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A 4-month-old baby presenting with dermal necrotizing granulomatous giant cell reaction at the injection site of 13-valent pneumococcal conjugate vaccine: a case report
Journal of Medical Case Reportsvolume 8, Article number: 285 (2014)
Adjuvants (for example, aluminum salts) are frequently incorporated in licensed vaccines to enhance the host immune response. Such vaccines include the pneumococcal conjugate, combinations of diphtheria–tetanus/acellular pertussis, tetanus– diphtheria/acellular pertussis, hepatitis B, some Haemophilus influenzae type b, hepatitis A, and human papillomavirus. These preparations have been associated with complicated local adverse events, especially if administered subcutaneously or intradermally in comparison to deep intramuscular injection. We describe a severe inflammatory reaction at the site of an injection of 13-valent pneumococcal conjugate vaccine.
A 4-month-old Arab baby boy developed dermal necrotizing granulomatous giant cell reaction at the injection site (right anterior thigh) of the second dose of 13-valent pneumococcal conjugate vaccine. Ziehl–Neelsen and periodic-acid Schiff were negative. This reaction probably resulted from improper intramuscular administration because the first (at 2 months of age) and third (at 10 months of age) doses were uneventful.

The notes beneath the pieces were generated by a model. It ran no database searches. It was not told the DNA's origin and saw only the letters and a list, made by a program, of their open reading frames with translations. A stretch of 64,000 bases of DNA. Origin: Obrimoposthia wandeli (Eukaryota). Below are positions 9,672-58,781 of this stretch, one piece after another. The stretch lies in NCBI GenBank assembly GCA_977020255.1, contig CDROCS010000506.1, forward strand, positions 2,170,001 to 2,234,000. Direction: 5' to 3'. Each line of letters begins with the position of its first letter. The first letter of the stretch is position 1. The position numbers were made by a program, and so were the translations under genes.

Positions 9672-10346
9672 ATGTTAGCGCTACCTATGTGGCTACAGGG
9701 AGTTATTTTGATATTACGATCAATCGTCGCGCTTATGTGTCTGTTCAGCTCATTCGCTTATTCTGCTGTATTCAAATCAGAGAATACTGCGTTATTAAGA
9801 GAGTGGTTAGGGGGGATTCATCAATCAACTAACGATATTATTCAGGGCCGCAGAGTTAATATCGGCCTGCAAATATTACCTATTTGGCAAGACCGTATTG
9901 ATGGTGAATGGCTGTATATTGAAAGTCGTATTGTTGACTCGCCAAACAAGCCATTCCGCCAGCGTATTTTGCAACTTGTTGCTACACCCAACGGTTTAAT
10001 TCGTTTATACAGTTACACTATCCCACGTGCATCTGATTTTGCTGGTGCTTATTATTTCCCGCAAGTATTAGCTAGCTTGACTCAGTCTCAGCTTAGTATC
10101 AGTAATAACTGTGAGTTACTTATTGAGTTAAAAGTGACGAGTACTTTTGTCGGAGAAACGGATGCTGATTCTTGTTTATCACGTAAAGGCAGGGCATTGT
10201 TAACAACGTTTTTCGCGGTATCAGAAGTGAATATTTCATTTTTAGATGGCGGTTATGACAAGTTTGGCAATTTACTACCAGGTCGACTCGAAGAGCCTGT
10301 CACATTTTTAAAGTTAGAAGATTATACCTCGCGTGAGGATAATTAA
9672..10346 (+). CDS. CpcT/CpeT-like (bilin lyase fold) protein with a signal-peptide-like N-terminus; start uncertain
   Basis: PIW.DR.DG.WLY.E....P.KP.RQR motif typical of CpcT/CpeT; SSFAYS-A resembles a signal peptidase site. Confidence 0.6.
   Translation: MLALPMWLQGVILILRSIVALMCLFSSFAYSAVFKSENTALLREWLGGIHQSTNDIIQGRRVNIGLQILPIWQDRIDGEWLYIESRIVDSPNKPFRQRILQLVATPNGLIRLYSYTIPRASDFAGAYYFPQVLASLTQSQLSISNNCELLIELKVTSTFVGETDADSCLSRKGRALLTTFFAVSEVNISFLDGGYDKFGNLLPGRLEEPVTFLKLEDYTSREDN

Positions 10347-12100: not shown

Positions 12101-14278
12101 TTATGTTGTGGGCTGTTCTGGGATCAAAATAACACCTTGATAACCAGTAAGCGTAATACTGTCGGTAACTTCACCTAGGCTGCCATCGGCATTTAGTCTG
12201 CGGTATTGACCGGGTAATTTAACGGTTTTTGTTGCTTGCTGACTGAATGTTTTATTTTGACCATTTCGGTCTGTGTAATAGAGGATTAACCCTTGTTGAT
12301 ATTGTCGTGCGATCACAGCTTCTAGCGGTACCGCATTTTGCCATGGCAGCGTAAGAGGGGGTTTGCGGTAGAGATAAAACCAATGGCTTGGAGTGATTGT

Dermal necrotizing granulomatous reactions are a serious complication of the 13-valent pneumococcal conjugate vaccine. Health care providers need to administer this preparation deeply into a muscle mass. Completing the vaccine series is an acceptable option. Physicians are encouraged to report their experience with completing vaccine series following adverse events.
Introduction of the 7-valent pneumococcal conjugate vaccine (PCV7) has resulted in a substantial drop in the rate of invasive pneumococcal disease. However, non-vaccine serotypes have emerged. The 13-valent pneumococcal conjugate vaccine (PCV13) was subsequently developed and is currently used in many countries.
The safety profile of PCV13 is similar to that of PCV7. Local reactions are common including tenderness (47%), swelling (29%), and redness (36%). These adverse events are usually mild and occur after any dose of the infant series.
We describe a severe dermal inflammatory reaction at the site of the injection of the second PCV13 dose. The report aims at improving vaccination safety.
A 4-month-old previously healthy Arab baby boy presented with progressive swelling, redness, and firmness at the injection site (right anterior thigh) of his second PCV13 dose. The findings were noticeable within 24 hours of the vaccination and progressed rapidly into the prepatellar area.At 3 weeks, the clinical findings in the anterior aspect of his knee were very prominent (Figure 1), prompting draining of the lesion. The aspirate (10mL) yielded a sterile pus (Gram stain and bacterial culture were negative). Nevertheless, he received an empiric course of flucloxacillin.
At 8 weeks, he had a second drainage and open skin and soft tissue biopsies. The findings revealed erythema induratum, a granulomatous inflammation with fibrinoid and caseous necrosis (Figure 2). Ziehl–Neelsen and periodic-acid Schiff stains (special stains for mycobacteria and fungi) were negative. Gram stain showed 3+ pus cells with no organisms. Wound bacterial culture grew 1+ Klebsiella pneumoniae, considered a secondary infection. The patient received oral cefixime.